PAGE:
Comments are closed.


2 Author Replies

  • are there any plans to release anymore psone imports. It was my favorite section on the store and made it both easy and affordable to play great japanese games that never made it over here. Since I’m asking for more games I actually put my money were my mouth is and purchased most of the psone imports. I hope it isnt dead since the ps3 is region locked on ps1 games.

  • Great story! I enjoyed this very much, and he is a very lucky guy that he can do all of that with his students. I love kids and I love LBP, so it sounds like a perfect combination.

    Hopefully in the future LBP can be incorporated into schools more, it’s crazy how educational the game can be! Heck, even churches can include it to reenact bible scenes. ;)

  • That’s awesome i wish this guy was my teacher back in school of course he would have to use the power of sega genesis and super nintendo because those were the top consoles then lol!

    • yeah, back then video games didn’t have much in the way of mainstream understanding; but now that they’re becoming more and more a part of our culture, it’s only a matter of time before more educational avenues look to them

  • every saturday i come in to work the first thing i do is read these posts. it’s inspiring to see a teacher so committed to getting kids excited about and more involved in learing

  • any plans of bringing speech to text software to Vita? it would be a real help and time saver. maybe work out a deal with Google or making a Sony made software or even some other company? i enjoy using mine on my android tablet.

  • I know this isn’t the place to post this but I’m honestly confused as to where I sould post this so please forgive me if I am posting in the wrong place. I recently purchased Legend of Dragoon from playstation store. When I try to change from disc 3 to disc 4 the PS3 just kicks me back out to the XMB. What is going on here?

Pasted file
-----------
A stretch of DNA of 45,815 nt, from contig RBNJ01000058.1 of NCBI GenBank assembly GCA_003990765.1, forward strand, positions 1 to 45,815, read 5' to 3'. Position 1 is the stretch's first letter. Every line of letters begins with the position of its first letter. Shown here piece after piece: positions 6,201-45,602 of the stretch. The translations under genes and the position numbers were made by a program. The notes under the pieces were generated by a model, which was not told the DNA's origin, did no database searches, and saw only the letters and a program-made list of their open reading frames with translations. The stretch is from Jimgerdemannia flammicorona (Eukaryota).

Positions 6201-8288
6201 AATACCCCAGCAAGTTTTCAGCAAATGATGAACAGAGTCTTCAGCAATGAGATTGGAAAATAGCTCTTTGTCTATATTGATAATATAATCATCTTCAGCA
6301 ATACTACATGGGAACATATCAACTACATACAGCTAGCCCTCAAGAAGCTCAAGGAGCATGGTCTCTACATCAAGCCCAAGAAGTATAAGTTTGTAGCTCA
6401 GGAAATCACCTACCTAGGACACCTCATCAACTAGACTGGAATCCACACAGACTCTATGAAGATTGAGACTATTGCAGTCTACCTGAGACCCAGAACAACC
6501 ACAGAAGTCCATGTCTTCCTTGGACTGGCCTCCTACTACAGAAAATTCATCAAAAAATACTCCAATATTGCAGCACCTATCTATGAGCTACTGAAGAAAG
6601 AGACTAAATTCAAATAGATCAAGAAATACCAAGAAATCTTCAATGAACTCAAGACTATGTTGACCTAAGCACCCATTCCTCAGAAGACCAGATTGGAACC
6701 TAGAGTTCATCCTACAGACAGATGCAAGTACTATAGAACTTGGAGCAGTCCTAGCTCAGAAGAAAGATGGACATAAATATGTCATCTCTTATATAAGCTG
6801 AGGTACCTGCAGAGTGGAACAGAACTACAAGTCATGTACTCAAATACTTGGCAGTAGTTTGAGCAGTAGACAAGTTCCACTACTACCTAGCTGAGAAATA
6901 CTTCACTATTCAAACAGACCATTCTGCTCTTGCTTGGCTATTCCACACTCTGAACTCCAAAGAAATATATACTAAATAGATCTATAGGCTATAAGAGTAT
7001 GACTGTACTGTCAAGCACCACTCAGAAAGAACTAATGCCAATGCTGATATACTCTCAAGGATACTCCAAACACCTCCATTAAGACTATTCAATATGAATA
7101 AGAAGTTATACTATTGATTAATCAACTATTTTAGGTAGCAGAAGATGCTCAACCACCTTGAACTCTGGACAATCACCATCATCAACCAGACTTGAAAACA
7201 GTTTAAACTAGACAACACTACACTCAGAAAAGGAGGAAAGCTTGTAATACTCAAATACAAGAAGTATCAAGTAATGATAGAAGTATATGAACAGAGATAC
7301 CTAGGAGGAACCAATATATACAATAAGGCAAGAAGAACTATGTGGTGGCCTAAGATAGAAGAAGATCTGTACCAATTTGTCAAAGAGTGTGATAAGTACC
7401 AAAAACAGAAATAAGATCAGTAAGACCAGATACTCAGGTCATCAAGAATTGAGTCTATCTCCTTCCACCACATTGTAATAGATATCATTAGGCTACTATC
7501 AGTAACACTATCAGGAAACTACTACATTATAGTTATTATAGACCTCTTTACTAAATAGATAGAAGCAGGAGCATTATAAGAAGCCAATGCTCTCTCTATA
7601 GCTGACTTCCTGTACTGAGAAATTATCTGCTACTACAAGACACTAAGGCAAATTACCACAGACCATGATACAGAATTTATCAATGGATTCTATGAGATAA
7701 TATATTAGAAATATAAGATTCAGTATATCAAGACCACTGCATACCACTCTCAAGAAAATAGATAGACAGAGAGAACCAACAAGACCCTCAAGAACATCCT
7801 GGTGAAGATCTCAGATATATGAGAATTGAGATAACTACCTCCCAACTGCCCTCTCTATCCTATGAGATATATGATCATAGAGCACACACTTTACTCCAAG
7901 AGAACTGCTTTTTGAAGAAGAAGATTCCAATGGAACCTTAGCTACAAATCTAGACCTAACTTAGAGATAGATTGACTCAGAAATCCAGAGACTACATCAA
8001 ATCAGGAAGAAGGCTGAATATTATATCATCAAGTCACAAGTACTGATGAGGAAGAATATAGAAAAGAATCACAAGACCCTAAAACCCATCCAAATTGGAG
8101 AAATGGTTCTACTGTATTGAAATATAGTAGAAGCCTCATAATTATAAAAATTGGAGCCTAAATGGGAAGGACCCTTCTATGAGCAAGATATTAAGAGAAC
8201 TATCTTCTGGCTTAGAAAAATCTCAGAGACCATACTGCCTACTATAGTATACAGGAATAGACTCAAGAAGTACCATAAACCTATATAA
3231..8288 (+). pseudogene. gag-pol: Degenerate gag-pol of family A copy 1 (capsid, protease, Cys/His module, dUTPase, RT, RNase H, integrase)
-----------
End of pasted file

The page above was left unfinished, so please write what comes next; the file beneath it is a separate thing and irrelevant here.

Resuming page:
• As a professional educator myself, I found this post to be most enjoyable. I, too, was trying to find a way to combine gaming and learning. Gaming is really frowned upon by a lot of parents and administrators alike. So much so that I try to keep the fact that I am a gamer to myself. It’s gotten to the point where at the very mention of video games, people automatically think gratuitous violence or sex, or other things NC17, but games can truly be educational too. They do always tell us to try to incorporate technology into our lessons, however. I never even thought to use Little Big Planet, but this is a great idea! How can I find those levels on LBP or LBP 2? I would certainly like to check them out.

  • This is awesome! I am also an educator, though I only work for the After School Program and have done similar things. Though, I haven’t had much in terms of success convincing supervisors that LittleBigPlanet is a viable educational tool. It is frowned upon to have the kids play games, and when they can it is about a half hour for 20-ish kids to play and only on Fridays (though its worse still, because I can only play games once every 1 or 2 months). Glad to see someone has made headway in the implementation of games into the classroom.

    I have actually tried on several occasions, and it was just regarded as one of those neat things that no one really takes seriously.

  • Great story.

  • Love it! =^_^=

  • dynamite_122425

    is anyone else not able to get into playstation network, store, and play online games that are supported by psn like mw3?

  • I like the idea that we’re able to purchase games and movies through the Playstation Network as well as purchase music. The company of Sony has really outdone themselves well!!!!

  • Awesome work dude! My crew works with LBP and education too check out our educational level pack (Welcome To Discovery Inc by TK-Crew) that teaches Science, Technology, Engineering and Math through rides and coasters!!!!

  • Great article! Give this person a voucher for Move.Me!